Natalie Solent

Politics, news, libertarianism, Science Fiction, religion, sewing. You got a problem, bud? I like sewing.

E-mail: nataliesolent-at-aol-dot-com (I assume it's OK to quote senders by name.)

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( 'Nother Solent is this blog's good twin. Same words, searchable archives, RSS feed. Provided by a benefactor, to whom thanks.
I also sometimes write for Samizdata and Biased BBC.)

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Sunday, March 13, 2005
I wanted to give a wider airing to the eighteenth comment to this Samizdata piece by Brian Micklethwait, mostly, to be honest, because the comment is by me.
Jim, I read some way in to that "Counting Chickens Before* They Hatch" piece before semi-giving up and skimming the rest. Unimpressive, you may say, but we're talking 76 pages of highly mathematical text here.

OK, it looked a closely reasoned and serious piece of work. I agreed with its argument that different types of aid (emergency / long term / short term) must be disaggregated and that each type needs different assessment periods. But I don't intend to surrender my deep scepticism about whether most government aid works yet. Nor will I accept the idea that I should wait until I know what a regression analysis is before I dare comment.

For one thing, I'm pretty sure that there are equally mathematical and serious papers giving other messages. Indeed, they are mentioned.

More fundamentally, I think that "Counting Chickens when they hatch" suffers from something almost all aid literature also suffers from: not seeing the woods for the trees.

While it did try to compare what did happen to what would have happened without aid, by bringing in regional growth comparators etc., what I want to do is to ask what would have happened if this entire vast movement had not taken place? What if the whole mindset of Africa as recipient, Africa as pauper, Africa as guilt-sink, Africa as playground of anti-colonialist, nationalist and socialist dreams; this mindset confirmed by a billion separate interactions, had not got off the ground?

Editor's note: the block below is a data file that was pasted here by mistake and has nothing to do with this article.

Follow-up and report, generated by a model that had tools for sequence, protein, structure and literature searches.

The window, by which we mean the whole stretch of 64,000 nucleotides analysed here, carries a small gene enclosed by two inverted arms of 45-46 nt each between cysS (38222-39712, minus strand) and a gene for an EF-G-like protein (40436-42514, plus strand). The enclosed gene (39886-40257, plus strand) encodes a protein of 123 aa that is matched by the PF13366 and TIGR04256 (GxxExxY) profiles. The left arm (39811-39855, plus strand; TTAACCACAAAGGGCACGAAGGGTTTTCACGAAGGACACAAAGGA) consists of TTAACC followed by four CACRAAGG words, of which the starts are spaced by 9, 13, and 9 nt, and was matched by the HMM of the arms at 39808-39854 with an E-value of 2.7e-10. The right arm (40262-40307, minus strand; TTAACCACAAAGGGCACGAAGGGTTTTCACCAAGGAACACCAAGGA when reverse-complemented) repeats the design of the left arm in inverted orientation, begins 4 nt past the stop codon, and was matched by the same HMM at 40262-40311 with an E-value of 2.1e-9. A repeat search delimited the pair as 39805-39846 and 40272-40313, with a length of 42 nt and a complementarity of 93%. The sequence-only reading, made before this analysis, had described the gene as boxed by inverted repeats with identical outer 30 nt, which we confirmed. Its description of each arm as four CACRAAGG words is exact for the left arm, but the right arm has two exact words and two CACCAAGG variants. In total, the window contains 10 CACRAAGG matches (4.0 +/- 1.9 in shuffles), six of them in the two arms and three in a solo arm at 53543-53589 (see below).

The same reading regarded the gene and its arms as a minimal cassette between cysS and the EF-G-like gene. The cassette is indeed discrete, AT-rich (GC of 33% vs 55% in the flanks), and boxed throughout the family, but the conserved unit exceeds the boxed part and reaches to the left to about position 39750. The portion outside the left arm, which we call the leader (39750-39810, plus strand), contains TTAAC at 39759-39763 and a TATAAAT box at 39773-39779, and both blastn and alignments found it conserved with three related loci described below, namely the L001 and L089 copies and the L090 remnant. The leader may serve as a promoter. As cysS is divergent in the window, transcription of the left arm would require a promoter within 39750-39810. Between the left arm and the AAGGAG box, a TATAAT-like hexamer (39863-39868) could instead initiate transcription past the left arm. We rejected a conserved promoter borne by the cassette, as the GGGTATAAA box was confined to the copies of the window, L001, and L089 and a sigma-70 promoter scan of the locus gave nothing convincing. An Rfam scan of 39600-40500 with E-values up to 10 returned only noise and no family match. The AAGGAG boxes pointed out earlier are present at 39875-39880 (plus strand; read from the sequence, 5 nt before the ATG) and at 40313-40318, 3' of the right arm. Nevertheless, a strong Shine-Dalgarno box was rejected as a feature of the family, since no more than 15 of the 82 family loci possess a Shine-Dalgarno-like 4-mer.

What if Africa had been like Taiwan?
I think you get a much richer Africa.

I can see that this is essentially unverifiable. I can't help that. But Taiwan is richer than the Sudan, when it wasn't fifty years ago.
*Actually it's "when they hatch" not "before they hatch." I did get the title right further down the page.

The great twelfth century rabbi Maimonides ranked eight types of giving in order of virtue. One could construct a ladder of international aid on the same lines. "UN-to-dictator, no strings attached" aid would be worst but I am not decided on the other internal rankings.

My Micklethwait links always come in flocks. Here's an earlier post dealing with why people had good reason to be more generous with money to help victims of the tsunami than with other causes. Aid that is intended to help the recipient to self-sufficiency may well be nobler than short-term aid, but the devil, especially when dealing with nations rather than individuals, lies in defining what actions will lead to self-sufficiency. Or what self-sufficiency actually is. God rest the souls of the myriad Africans and Asians who died demonstrating that tariff barriers and import substitution were the wrong way to go.

UPDATE: By the way, Jim replies later in those Samizdata comments.